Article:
The Turnbull Government’s proposed legislation to control worker entitlement funds could lead to the loss of apprentice jobs, and erode the union movement’s ability to deliver vital industry health and safety programs.
The Fair Work Laws Amendment (Proper Use of Worker Benefits) Bill seeks to control worker entitlement funds, which support workers who are made redundant. Interest from these funds supports health, safety and welfare programs, training and education in one of the most dangerous industries with high rates of suicide.
These programs include suicide prevention (the construction industry has high rates of suicide), high risk licensing training, drug and alcohol treatment, skin cancer awareness, and other vocational training and education in the industry.
The proposed laws bestow regulation making powers on the Employment Minister, allowing for future Ministerial interference in union affairs.
CFMEU National Construction Secretary Dave Noonan told a Senate Committee hearing into the Bill in Melbourne this morning that the Government was proposing an unprecedented and unwarranted level of control and interference over the funds, for which there is no equivalent in the corporate world.
“If this legislation goes through, it leaves the door open for the Employment Minister to regulate to interfere in the running of these funds, making it harder for us to deliver lifesaving programs and apprenticeships,” CFMEU National Construction Secretary Dave Noonan said
“The Turnbull Government has lost its majority and is floundering in the polls. It can’t run its own affairs, yet it wants to try and control union business and run interference.
“I would suggest the Australian public might be better served if Michaelia Cash and the Prime Minister got their own house in order, and focused on running the country, not unions.”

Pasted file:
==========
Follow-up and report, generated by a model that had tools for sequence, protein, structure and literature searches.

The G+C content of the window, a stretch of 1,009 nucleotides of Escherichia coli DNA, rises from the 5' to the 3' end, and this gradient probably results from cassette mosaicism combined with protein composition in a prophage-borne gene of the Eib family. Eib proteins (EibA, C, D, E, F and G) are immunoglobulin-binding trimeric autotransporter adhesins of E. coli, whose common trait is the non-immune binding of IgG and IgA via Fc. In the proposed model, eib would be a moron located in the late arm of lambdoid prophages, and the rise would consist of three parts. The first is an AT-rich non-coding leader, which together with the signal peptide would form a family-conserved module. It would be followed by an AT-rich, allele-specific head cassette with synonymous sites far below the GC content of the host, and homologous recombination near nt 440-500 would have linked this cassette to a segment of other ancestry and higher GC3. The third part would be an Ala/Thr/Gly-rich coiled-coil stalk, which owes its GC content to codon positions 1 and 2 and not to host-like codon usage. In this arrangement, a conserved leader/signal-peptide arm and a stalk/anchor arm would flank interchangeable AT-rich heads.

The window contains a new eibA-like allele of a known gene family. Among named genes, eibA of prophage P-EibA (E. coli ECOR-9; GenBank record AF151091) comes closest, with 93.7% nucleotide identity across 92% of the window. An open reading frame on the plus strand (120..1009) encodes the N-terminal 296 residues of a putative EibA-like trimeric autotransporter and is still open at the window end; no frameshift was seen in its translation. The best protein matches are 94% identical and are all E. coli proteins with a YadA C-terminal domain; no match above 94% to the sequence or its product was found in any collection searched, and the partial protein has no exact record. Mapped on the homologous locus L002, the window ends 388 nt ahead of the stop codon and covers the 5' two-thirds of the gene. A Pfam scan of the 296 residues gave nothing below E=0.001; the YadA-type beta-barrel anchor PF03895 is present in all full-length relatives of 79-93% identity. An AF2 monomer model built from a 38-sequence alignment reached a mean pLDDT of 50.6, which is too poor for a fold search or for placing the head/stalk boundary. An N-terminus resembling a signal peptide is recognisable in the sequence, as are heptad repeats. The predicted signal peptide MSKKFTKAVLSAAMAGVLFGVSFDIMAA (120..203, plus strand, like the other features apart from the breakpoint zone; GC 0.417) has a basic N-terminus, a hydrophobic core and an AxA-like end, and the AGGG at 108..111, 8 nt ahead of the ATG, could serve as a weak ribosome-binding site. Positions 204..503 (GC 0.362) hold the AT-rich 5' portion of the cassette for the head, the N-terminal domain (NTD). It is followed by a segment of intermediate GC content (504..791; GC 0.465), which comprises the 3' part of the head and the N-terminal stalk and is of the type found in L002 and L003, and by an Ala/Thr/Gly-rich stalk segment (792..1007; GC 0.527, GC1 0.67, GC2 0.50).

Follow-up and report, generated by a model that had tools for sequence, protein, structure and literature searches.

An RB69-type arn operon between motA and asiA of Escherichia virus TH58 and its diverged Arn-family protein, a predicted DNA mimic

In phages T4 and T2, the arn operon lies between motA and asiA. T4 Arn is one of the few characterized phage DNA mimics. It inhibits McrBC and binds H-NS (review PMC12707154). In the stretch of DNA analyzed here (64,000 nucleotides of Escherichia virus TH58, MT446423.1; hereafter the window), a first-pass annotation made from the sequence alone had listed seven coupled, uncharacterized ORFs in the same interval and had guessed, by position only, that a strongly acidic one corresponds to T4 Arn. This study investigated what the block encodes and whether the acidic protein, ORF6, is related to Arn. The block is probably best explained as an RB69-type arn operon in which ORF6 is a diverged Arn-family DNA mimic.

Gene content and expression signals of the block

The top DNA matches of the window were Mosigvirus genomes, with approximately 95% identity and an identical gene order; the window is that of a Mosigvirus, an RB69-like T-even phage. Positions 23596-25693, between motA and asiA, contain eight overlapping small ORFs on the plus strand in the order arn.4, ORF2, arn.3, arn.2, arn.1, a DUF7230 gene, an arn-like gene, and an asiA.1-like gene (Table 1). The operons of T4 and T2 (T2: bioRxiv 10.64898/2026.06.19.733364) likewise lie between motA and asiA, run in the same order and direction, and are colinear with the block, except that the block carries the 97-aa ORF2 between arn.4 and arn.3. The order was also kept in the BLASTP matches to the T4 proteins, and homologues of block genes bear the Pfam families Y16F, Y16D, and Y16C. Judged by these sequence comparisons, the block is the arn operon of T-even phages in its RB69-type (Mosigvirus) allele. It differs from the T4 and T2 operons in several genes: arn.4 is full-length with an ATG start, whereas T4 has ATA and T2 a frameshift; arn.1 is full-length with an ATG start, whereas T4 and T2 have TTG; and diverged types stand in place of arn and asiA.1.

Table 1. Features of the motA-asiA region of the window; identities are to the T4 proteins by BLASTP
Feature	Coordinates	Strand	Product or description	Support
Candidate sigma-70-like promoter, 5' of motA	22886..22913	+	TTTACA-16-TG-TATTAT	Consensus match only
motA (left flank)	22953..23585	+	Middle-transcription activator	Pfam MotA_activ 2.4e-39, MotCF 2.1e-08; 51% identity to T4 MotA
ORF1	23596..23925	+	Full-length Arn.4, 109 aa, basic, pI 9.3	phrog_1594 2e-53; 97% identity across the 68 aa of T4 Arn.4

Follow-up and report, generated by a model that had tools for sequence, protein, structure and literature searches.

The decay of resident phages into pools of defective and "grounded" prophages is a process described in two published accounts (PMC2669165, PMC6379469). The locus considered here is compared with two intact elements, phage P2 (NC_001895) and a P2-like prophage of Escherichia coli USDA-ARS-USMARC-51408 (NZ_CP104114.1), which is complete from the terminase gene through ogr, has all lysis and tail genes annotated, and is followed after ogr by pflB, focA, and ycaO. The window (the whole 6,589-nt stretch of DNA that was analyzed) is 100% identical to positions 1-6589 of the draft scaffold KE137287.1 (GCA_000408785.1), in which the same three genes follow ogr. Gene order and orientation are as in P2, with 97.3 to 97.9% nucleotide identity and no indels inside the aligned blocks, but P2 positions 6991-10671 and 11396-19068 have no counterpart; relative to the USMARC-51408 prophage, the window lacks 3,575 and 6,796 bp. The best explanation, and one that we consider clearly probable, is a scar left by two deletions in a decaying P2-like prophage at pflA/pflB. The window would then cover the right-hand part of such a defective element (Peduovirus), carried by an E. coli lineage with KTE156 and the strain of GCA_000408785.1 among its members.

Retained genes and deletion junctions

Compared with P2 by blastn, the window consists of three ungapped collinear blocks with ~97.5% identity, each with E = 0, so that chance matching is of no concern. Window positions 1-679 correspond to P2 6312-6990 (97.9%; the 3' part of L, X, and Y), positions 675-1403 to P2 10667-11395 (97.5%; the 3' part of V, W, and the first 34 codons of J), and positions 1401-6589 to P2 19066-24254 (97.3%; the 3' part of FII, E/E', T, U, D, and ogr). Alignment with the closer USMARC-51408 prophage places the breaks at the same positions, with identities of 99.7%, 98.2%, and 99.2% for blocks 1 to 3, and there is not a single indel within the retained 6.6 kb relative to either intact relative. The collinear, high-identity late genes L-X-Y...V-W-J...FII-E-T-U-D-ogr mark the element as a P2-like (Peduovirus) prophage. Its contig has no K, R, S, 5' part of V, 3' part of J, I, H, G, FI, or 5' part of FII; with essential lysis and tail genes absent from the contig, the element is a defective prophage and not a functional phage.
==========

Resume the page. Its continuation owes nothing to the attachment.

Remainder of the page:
The level of financial management and scrutiny proposed by this legislation goes beyond anything that exists for publicly listed companies that manage shareholder funds – which far exceed union resources.
The Bill proposes to give independent directors the power of veto over funds being used for training and welfare purposes.
“This would give directors of these funds more power than other fund trustees and would hinder the ability to run vital health, safety and wellbeing programs for our industry.”
The Bill prohibits donations to welfare or charitable organisations, meaning support for programs such as ‘Mates in Construction’ – a mental health/self-harm and suicide prevention programme - would cease. There is no equivalent restriction in corporate law.
“The Government is bringing in this legislation under the deceitful guise of adverse Royal Commission findings. The measures proposed in the legislation go far beyond what was recommended by the Royal Commission.”